Hours after the release of an early teardown video, DIY repair authority iFixit has brought its authenticated coverage to show you what's actually available on the iPhone X. The latest teardown reveals some of the major components making the new iPhone a distinct option in its family. It also confirms the presence of a two-cell, L-shaped battery pack and highlights a tiny logic board that is whopping 70 percent smaller than the board available on the iPhone 8 Plus.
Just like the iPhone 7 Plus that was launched last year, the iPhone X has a sideway-opening structure. There is a single bracket that covers every logic board connector. This helps to maintain a compact appearance of the device.
If the sideway-opening construction isn't something to give enough room for advanced components, the iPhone X has a tiny logic board (seen below) that enables space for the L-shaped battery (seen above) that has two cells, which combined are rated at 2716mAh.
The iFixit team reported that Apple has folded the board in half to make it significantly smaller than what was available on the iPhone 8 Plus. Separating the pieces shows that the entire material of the board occupies 135 percent of the area consumed by the logic board of the iPhone 8 Plus. Furthermore, the iPhone X logic board is the first double-stack board that Apple had ever assembled in an iPhone since the original in June 2007.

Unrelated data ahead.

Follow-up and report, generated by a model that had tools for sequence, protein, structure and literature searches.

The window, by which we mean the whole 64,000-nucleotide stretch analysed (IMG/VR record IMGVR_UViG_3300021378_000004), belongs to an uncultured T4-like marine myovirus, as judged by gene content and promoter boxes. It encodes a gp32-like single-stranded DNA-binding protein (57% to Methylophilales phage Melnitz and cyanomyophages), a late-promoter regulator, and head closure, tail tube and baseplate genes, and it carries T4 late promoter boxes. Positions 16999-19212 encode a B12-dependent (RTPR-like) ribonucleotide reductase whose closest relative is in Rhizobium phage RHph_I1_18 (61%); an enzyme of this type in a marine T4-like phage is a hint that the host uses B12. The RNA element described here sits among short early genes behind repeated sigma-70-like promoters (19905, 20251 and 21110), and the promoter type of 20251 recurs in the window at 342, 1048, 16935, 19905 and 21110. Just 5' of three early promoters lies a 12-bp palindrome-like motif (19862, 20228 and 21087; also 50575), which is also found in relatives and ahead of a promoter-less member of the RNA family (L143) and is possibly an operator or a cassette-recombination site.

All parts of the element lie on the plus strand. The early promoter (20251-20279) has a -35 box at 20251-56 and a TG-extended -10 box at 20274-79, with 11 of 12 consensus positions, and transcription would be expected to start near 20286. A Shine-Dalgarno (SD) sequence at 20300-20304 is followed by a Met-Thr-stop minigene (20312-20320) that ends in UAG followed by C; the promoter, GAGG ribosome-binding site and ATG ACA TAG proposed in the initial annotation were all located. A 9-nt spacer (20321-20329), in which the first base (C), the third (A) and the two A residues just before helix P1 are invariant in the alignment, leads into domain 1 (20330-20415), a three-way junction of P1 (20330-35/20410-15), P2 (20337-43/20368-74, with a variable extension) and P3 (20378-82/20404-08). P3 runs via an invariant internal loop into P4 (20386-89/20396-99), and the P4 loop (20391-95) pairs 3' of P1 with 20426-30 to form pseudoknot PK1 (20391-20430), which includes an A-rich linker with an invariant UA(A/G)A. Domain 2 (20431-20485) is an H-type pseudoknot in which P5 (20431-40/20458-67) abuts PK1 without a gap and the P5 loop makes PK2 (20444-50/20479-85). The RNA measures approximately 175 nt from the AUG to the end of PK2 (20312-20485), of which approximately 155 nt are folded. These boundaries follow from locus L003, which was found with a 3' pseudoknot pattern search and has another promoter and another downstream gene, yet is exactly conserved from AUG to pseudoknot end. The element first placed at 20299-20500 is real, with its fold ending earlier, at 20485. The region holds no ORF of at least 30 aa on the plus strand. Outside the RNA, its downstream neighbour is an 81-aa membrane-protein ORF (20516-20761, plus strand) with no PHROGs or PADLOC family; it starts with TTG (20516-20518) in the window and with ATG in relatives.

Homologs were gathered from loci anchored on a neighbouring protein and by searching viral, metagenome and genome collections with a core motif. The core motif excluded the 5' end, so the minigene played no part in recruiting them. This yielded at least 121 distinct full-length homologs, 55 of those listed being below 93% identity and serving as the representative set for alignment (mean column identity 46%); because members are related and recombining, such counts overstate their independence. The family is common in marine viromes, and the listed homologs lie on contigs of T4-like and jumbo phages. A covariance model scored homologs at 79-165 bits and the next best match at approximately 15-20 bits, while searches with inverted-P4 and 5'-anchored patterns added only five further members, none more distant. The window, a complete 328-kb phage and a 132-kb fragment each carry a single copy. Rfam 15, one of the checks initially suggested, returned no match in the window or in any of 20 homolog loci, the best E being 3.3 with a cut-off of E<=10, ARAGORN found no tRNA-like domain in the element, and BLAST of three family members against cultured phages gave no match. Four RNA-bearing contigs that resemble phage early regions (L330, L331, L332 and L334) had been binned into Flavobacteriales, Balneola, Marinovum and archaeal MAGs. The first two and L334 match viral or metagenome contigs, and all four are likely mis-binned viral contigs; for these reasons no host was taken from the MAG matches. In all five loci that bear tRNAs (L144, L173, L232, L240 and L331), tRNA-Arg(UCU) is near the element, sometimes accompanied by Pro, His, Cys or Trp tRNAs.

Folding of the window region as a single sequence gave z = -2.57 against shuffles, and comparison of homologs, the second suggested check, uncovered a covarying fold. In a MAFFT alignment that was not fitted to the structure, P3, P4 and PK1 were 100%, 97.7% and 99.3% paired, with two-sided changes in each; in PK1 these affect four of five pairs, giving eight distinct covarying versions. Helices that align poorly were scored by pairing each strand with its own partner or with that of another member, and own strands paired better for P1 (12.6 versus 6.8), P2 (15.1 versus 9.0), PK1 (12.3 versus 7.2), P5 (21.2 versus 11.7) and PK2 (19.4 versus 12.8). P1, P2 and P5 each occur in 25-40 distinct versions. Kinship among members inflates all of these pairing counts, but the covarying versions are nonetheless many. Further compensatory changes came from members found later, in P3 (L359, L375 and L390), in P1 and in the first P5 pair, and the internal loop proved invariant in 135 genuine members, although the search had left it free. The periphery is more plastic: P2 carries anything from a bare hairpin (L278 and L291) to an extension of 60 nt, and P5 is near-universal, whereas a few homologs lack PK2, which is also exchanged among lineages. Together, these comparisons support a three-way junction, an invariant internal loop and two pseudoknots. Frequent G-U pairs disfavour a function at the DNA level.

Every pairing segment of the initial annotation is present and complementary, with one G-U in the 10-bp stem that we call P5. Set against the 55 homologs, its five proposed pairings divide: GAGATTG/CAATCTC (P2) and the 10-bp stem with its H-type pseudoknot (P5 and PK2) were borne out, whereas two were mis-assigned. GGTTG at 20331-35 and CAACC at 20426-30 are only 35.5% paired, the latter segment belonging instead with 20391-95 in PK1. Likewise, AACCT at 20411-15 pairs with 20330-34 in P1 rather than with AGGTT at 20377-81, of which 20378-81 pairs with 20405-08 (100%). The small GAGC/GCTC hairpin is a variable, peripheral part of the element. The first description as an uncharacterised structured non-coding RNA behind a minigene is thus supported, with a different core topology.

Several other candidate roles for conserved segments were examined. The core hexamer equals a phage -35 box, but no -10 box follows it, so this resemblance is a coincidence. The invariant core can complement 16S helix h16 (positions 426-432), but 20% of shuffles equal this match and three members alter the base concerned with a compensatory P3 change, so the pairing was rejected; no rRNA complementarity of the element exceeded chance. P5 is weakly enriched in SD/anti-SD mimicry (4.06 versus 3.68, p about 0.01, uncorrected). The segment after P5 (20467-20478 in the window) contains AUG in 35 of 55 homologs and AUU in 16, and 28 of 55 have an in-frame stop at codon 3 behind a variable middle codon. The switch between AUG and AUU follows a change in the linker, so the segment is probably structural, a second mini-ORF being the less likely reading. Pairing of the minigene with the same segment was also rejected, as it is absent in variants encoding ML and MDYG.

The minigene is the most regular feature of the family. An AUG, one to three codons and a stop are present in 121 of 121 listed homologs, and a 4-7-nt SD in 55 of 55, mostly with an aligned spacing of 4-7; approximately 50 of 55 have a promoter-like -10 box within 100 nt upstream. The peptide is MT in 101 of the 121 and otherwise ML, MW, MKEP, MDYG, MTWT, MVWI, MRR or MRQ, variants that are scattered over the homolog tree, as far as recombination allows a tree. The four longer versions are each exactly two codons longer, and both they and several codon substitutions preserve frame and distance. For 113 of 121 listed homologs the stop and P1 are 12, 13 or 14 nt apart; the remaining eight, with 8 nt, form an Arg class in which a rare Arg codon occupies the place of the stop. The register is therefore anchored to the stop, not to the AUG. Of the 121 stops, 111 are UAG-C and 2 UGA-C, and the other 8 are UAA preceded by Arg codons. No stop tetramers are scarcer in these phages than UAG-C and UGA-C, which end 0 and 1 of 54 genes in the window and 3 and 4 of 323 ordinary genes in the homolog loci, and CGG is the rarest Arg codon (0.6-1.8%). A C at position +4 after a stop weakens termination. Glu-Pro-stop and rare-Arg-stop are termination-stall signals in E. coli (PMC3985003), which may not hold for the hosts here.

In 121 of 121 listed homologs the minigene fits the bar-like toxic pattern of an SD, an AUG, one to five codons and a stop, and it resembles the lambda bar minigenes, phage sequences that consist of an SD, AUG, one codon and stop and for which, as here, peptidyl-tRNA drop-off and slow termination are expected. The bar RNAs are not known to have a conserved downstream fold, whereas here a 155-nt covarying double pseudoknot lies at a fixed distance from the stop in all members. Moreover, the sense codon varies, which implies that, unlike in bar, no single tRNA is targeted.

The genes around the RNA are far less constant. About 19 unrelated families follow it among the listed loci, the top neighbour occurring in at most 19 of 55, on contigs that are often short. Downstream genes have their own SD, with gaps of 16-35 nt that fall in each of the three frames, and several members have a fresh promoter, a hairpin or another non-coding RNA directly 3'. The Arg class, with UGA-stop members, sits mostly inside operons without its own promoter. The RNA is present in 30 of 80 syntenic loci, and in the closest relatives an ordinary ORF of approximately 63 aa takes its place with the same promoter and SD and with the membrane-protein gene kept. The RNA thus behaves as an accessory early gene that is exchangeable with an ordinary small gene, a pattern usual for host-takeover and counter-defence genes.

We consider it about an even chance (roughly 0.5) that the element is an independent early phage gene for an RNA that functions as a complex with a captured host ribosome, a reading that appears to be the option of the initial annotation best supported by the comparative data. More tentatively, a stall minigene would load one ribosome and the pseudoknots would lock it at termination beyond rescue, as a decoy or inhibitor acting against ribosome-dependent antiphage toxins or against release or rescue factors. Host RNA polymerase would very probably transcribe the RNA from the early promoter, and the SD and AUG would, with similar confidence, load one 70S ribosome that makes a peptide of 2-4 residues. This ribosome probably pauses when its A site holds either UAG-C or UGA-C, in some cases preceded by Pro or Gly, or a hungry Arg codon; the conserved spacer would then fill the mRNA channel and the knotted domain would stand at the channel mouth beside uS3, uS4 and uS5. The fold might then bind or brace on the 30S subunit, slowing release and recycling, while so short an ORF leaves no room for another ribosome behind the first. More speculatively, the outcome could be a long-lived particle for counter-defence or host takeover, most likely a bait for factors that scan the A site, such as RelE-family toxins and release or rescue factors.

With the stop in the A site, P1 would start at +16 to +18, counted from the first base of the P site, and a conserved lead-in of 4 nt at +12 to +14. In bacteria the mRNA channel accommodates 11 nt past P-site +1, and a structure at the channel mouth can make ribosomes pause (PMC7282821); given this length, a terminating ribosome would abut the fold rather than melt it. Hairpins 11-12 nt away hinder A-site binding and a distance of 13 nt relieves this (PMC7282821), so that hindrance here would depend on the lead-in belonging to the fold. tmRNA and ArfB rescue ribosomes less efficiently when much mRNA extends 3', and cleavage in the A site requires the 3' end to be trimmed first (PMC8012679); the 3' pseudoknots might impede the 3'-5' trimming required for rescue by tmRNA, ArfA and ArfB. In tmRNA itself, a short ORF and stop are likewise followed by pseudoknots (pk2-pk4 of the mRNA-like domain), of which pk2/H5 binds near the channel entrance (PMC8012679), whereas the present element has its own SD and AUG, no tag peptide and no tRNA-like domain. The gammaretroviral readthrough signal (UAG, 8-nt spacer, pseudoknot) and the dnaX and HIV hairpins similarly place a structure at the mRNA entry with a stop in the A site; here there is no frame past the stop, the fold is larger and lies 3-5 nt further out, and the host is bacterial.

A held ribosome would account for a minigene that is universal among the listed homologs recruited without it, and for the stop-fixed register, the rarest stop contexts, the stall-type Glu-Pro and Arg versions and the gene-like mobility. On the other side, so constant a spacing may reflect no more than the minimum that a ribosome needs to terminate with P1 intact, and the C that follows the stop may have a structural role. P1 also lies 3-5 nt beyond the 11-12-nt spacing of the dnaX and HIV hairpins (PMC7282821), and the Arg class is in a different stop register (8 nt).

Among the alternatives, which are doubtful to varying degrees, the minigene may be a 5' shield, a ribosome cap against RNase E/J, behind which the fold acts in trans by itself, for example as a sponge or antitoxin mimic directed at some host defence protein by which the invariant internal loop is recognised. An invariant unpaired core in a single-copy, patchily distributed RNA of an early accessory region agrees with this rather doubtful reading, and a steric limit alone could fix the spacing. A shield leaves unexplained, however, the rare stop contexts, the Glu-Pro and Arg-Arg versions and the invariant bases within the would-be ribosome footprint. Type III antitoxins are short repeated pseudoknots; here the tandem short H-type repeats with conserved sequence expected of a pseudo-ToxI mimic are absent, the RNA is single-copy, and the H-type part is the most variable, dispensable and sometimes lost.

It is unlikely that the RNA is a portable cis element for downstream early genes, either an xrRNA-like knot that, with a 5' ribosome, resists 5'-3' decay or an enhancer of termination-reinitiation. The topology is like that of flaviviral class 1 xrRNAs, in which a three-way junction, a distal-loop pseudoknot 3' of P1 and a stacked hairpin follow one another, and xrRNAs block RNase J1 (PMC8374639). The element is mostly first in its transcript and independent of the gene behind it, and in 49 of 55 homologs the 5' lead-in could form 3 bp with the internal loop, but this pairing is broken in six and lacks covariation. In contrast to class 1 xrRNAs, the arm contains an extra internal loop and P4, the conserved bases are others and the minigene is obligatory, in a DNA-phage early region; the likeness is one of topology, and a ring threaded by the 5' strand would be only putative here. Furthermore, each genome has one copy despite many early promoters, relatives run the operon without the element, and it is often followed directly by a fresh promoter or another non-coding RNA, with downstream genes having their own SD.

It seems that Apple has found its own way to move parallel to Moore's Law. However, the double-stack construction makes a board-level repair quite tricky.
In addition to the oddly designed battery pack and the smaller logic board, the detailed teardown showcases components like the A11 Bionic SoC that has 3GB of SK Hynix LPDDR4x RAM, 64GB Toshiba-made flash storage, wireless charging coil (seen below) and a Qualcomm modem. The coverage also describes the TrueDepth camera system that enables Face ID on the new iPhone. The system has a flood illuminator that blasts infrared (IR) light to your face, front-facing camera sensor, IR dot projector, and a separate IR camera sensor. All these parts jointly bring a revolutionary facial recognition that uses Apple's software to secure the hardware. Also new is a wireless charging coil.
Just like its previous teardowns, iFixit concluded its coverage by mentioning a repairability score. The iPhone X scores six out of a possible of 10 points in terms of its repairing. The edge-to-edge Super Retina display can be replaced without removing the TrueDepth system. However, there are fussy cables that make the construction complex for regular repairs. The glass panel on the rear is also quite difficult to replace as it holds all the components together.